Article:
By investing in reforesting stream banks, this natural infrastructure helps reduce the amount of contaminants reaching our source water and helps slow natural erosion and soil degradation. This greatly improves stream water quality, improves the habitat for local environments and decreases storm water runoff.

 

Aqua Illinois employees during the annual Kankakee River Clean Up

What can Aqua customers do to make a sustainable difference this Earth Day? 

Carry a Nalgene, thermos or other water bottle around with you – even a simple cup with a lid. You’ll be amazed how easy it is to save money and still have fresh, cold water at hand.

Other ideas for how to help in a positive way on Earth Day include:

·      Volunteering for a local stream cleaning event. It will only take a few hours, and your actions will make a huge difference and make you feel great.

·      Planting trees along a creek, in a park or even your own backyard.

·      Composting your old food scraps and feeding that to your hungry plants.

·      Replacing a shower head to a low flow variety. If you live in a drought-prone area, this can save thousands of gallons of water over its lifetime for only a few dollars.

Just keep in mind, if you do nothing, expect nothing to change. One person may not make a difference, but if everybody just helped a little bit, things would start to look a lot better.

How would you like to see Aqua and similar organizations continue to practice and improve sustainability efforts in the future? 

Ever since the Industrial Revolution,  man has created amazing machines and technology to increase efficiency, production and our way of life. However, for too long, the environment has paid the price for our actions. In this modern era, we have the knowledge and ability to do things better and keep the environment in mind. Being sustainable doesn’t always have to cost more. I’d like to see more companies get creative and create mutually beneficial partnerships that both save money and help protect the environment.

“Going green” shouldn’t be a catch phrase or a way to simply cut costs. Companies have the power to inspire and create change. They can and should find opportunities that help everyone involved.

We don’t always have to keep doing things because we’ve always done them that way. Change can be good. We should embrace technology, new ideas, methods, viewpoints and ways of thinking.

Inspired to make a change this Earth Day? Remember what Dan said – everyone pitching in a little bit can make a big difference.

 

What will you pledge to do for your planet on Earth Day 2016?

 

 

 

 

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Environmental Engineering: What is it, Anyway?

This April, all of us at Aqua are focused on environmental sustainability, which means we’re celebrating members of our team who work closely with the environment.

 

There are a lot of different types of engineers out there: mechanical, aerospace, biomedical, civil… the list goes on. Aqua tends to work with one particular type the most: environmental engineers.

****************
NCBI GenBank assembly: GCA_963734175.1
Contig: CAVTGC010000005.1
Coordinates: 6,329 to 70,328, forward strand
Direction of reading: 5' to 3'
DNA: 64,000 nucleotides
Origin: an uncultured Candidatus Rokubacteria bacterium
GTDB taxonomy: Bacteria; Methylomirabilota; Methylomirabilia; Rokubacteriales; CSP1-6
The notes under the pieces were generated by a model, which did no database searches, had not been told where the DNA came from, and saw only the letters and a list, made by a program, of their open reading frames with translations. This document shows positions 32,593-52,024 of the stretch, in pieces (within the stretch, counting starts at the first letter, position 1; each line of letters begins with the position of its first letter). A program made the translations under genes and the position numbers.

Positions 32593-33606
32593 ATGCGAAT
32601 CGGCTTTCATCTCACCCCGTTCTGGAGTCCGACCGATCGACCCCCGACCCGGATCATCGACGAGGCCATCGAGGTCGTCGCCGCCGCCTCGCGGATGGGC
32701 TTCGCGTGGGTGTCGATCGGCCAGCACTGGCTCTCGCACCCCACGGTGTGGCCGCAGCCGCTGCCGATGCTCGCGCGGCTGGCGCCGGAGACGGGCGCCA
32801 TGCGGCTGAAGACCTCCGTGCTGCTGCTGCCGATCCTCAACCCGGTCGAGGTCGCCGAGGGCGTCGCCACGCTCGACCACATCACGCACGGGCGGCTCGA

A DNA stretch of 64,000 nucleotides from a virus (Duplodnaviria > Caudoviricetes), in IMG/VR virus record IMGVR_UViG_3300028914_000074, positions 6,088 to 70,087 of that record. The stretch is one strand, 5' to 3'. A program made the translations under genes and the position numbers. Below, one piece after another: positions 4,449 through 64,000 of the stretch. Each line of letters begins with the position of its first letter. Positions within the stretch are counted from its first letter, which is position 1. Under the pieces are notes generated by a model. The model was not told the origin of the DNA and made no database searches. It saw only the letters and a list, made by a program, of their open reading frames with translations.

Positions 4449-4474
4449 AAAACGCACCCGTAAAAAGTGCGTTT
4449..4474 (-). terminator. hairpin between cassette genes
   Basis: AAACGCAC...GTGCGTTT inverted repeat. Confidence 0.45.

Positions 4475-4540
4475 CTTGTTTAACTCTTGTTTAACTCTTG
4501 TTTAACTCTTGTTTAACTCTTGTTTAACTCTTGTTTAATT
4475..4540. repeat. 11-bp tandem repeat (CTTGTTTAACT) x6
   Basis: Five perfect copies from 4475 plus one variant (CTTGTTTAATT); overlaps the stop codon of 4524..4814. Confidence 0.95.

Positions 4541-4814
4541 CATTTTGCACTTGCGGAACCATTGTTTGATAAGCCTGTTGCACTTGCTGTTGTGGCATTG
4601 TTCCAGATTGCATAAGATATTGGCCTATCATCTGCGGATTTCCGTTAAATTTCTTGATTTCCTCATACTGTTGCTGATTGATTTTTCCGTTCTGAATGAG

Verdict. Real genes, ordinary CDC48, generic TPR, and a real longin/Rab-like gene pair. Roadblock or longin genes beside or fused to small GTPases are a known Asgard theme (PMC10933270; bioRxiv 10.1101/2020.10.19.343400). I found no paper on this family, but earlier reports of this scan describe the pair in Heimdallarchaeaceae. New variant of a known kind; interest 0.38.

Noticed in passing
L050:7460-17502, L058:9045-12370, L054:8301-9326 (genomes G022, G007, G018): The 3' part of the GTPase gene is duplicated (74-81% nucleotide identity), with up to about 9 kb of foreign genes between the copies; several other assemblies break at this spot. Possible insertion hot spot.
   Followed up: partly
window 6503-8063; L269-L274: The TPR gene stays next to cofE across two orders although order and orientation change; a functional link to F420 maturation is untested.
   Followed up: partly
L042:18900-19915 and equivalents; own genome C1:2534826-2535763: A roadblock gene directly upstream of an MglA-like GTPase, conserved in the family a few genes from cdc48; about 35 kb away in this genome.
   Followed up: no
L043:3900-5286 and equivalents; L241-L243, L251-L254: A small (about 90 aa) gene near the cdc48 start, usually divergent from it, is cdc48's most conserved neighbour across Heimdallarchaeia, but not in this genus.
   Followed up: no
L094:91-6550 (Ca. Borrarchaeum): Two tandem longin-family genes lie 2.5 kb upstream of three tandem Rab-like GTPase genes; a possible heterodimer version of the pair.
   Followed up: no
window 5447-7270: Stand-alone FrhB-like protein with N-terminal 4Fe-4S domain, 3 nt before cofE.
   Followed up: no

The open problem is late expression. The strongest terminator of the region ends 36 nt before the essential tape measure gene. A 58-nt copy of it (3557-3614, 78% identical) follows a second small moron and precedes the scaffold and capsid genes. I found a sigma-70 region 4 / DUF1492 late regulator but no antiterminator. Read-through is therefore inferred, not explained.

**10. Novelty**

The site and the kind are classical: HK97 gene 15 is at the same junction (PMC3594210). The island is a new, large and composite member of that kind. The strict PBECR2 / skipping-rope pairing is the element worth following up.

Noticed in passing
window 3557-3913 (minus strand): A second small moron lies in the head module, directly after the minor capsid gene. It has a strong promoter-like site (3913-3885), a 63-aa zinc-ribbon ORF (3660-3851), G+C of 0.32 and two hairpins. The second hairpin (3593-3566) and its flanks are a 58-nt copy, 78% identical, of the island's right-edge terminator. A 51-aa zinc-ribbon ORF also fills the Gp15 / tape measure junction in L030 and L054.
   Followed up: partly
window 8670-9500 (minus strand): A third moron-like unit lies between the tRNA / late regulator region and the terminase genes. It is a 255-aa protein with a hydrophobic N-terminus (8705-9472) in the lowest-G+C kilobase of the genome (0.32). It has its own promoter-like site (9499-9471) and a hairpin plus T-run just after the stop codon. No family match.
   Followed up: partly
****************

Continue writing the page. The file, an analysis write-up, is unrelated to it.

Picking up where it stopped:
OK, so environmental engineers are probably super smart and super environmentally friendly. But what exactly do they do?

To find out, we talked to Pete Kusky, one of Aqua’s very own regional environmental engineers. He gave us the scoop on the art of environmental engineering and the best way to get started on a path toward a career in the field.

 

How would you explain your job as an environmental engineer?

Environmental engineering is typically defined as a field that protects and preserves people and natural resources. At Aqua, we do both.

 

How did you become an environmental engineer? What’s your educational background?

My background is in civil engineering. Environmental engineering is a subset of civil engineering. [I have a] BS and MS in civil engineering, but I learned just as much while in operations at Aqua.

 

On a day-to-day basis, what type of environmental engineering projects do you work on at Aqua?

Everything we do involves stewardship. Whether it is optimizing treatment processes for environmental compliance or upgrading infrastructure with the best available technology, everything drives toward protecting our most vital resources: water and people.

 

What aspect of environmental sustainability is nearest and dearest to you?

 Making decisions that are truly a benefit to our stakeholders.

 

What advice would you give to aspiring environmental engineers?

Start at the bottom and don’t be too anxious to get to the top – no job should be beneath you. Everyone you encounter, including those who you believe are experts in environmental engineering are simply guides along your path. Your aggregated experiences are as important as any individual’s absolutes.

 

What about students who may not have considered the field before?

Life is a journey you can’t predict. Consider environmental engineering if you have a desire to make sound decisions based on good data.

 

So there you have it. Environmental engineers use technology and data to optimize sustainability and environmental preservation, whether through the infrastructure of water or other vital resources.

How will you up your eco-friendliness throughout the rest of the month? Let us know in the comments! 

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Aqua Appoints Deborah Watkins As New Director of Water Quality and Environmental Compliance

Aqua has hired Deborah Watkins as its new Director of Water Quality and Environmental Compliance. Watkins replaces Colleen Arnold, who became the company’s deputy chief operating officer in September of last year.

Watkins comes to the company with more than 30 years of experience, most recently as senior project manager at O’Brien & Gere, an engineering firm with advanced manufacturing, energy, environmental, and water services.  She was responsible for identifying, developing, and managing initiatives involving water and wastewater treatment facility consultation, design, construction, and regulatory permitting. Prior to working for O’Brien & Gere, Watkins spent several years at Weston Solutions, Inc. where she began her career as a technical director of engineering.  She was promoted to vice president after successful development of the pharmaceutical industry practice and subsequent development of the upstream oil and gas practice in the company’s Mid-Atlantic division.

“We are pleased to have someone with Deborah’s experience and education lead our environmental compliance team at Aqua,” said Vice President and Chief Environmental Officer Mike Pickel, to whom Deborah will report.

Watkins earned a Bachelor of Science degree in chemical engineering from Bucknell University and a Master of Science degree in water resources and environmental engineering at Villanova University. She is a licensed professional engineer in Pennsylvania, New Jersey, Delaware, Maryland and Virginia.

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130 Years of Aqua America